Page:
Nationally, health care costs have moderated a bit the past few years, but in New York, they would have gone up an uncomfortable 12.4 percent last year if not for a new price review law put in place by the state a couple years ago.
According to the office of Gov. Andrew Cuomo, reviews by the state Department of Financial Services — formerly the state Banking and Insurance departments — resulted in rate hike requests totaling 12.4 percent being trimmed to 7.5 percent. That’s still quite a bit higher than the 4 percent increase in the national health care inflation rate, and the 2.3 percent general inflation rate, but at least some consolation.
In the Capital Region, the rate hike requests of two of the three principal insurers — CDPHP and MVP — were trimmed by relatively small percentages, but Empire’s was scaled back by fully one-half. The news was also especially good for small group plans, whose average 15.7 percent rate hike requests were scaled back to an average 9.5 percent.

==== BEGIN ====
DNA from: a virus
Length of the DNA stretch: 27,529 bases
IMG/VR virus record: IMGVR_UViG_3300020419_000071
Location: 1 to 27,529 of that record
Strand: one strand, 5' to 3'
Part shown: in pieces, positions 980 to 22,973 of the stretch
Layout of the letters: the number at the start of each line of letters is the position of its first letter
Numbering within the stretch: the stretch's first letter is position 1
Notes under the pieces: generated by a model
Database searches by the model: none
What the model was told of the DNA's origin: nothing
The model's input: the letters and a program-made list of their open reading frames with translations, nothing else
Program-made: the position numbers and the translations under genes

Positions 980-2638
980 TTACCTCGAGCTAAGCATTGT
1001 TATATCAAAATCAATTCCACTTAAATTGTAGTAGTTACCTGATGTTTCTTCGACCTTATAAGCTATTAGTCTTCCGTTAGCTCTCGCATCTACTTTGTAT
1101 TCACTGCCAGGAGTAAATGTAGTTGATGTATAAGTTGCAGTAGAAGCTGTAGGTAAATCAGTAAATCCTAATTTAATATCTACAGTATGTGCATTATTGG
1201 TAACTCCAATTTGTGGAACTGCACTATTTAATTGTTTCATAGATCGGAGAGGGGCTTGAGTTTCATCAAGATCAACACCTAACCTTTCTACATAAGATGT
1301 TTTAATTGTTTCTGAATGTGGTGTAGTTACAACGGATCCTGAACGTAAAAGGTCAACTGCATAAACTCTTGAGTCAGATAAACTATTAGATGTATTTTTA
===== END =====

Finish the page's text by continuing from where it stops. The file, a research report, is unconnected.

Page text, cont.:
Gov. Cuomo can take credit for the progress. But he might make even more headway with health care inflation if he figured out a way to get a single provider to handle coverage for all public workers. The state gets deals for buying everything from cars to office furniture in bulk, then passes the savings along to municipalities. It also manages a pension program for all state and municipal workers; couldn’t it do the same kind of thing for health insurance?